Sonal Patel, Power
Natural gas combined cycle, wind, and residential solar photovoltaic technologies may be the least-expensive way to generate power across a wide swathe of the U.S., an interactive map published and recently updated by the University of Texas (UT) at Austin’s Energy Institute shows.
The interactive chart (Version 1.4.0, retrieved on October 4, 2018), first published in 2016, breaks down the cheapest technologies, ranked by levelized cost of electricity (LCOE), and assigns them to every U.S. county as well as congressional district. Technologies include: coal (bituminous and sub-bituminous, with partial (30%) and full (90%) carbon capture and sequestration); natural gas combined cycle, with and without carbon capture and sequestration); natural gas combustion turbine; nuclear; onshore wind; solar PV (utility and residential); and concentrating solar power (with six hours of storage).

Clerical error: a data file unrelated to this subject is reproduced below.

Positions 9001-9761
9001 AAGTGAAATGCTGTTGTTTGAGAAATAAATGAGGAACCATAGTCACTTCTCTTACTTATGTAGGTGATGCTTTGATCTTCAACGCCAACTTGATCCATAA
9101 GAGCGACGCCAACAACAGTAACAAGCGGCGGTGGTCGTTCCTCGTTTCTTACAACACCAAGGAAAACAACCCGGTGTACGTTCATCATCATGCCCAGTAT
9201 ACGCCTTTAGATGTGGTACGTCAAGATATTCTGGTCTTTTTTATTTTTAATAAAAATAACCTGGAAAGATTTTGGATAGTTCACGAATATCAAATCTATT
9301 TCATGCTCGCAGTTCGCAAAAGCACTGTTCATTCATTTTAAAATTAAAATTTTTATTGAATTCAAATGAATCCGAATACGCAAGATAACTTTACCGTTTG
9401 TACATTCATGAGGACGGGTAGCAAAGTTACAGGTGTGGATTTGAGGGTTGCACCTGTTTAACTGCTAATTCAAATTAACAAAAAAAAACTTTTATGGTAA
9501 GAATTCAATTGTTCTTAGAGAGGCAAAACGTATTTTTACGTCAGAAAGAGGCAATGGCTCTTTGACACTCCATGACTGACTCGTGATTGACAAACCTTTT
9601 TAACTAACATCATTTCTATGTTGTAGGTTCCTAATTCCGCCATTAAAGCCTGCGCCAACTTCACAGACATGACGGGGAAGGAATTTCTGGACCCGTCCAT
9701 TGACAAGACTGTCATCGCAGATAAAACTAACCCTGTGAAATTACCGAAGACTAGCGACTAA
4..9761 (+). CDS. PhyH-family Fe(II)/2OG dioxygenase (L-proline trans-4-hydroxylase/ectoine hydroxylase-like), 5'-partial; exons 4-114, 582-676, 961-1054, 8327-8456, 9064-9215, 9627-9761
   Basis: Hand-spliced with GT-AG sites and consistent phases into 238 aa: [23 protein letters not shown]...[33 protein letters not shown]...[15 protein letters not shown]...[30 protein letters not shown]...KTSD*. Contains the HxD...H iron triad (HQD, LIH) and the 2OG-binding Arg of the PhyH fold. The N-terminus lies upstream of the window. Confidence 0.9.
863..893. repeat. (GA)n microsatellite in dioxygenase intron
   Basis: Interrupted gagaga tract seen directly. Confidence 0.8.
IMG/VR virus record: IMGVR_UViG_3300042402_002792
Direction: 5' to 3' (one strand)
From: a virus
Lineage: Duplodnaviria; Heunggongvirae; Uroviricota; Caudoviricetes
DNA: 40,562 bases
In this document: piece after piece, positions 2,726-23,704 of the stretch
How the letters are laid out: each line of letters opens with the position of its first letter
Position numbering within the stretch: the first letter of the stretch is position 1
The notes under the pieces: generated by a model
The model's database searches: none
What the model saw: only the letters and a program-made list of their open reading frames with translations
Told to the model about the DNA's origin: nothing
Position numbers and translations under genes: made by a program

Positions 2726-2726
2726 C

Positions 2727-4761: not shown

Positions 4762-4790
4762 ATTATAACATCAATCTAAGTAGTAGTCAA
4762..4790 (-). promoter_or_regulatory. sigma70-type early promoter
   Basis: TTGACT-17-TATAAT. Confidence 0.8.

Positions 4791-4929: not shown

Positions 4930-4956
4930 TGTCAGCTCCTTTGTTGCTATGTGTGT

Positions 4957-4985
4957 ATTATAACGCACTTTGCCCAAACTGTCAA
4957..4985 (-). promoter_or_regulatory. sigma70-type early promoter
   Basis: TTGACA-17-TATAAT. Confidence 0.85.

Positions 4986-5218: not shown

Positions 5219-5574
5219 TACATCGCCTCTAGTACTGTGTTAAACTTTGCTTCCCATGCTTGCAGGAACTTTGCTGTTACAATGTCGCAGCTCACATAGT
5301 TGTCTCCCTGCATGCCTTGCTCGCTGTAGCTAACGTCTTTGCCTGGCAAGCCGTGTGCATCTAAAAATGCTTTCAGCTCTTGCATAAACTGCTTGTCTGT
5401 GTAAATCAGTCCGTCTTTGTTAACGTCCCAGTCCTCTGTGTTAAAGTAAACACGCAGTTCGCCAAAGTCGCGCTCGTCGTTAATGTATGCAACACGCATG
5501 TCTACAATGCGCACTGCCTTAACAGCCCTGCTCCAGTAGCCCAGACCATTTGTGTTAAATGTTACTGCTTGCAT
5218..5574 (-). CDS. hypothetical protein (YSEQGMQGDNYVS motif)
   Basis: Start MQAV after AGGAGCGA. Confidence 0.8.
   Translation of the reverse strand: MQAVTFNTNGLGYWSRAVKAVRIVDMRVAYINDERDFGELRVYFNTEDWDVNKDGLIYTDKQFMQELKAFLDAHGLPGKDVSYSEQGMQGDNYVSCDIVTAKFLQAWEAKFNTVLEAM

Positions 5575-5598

According to Dr. Joshua Rhodes, postdoctoral research fellow at the Energy Institute and lead author of the paper, the cost estimates are based on a series of assumptions that researchers debated at length. The cost assumptions, specifically capital costs, that underlie each generating technology were recently updated, he said in late September.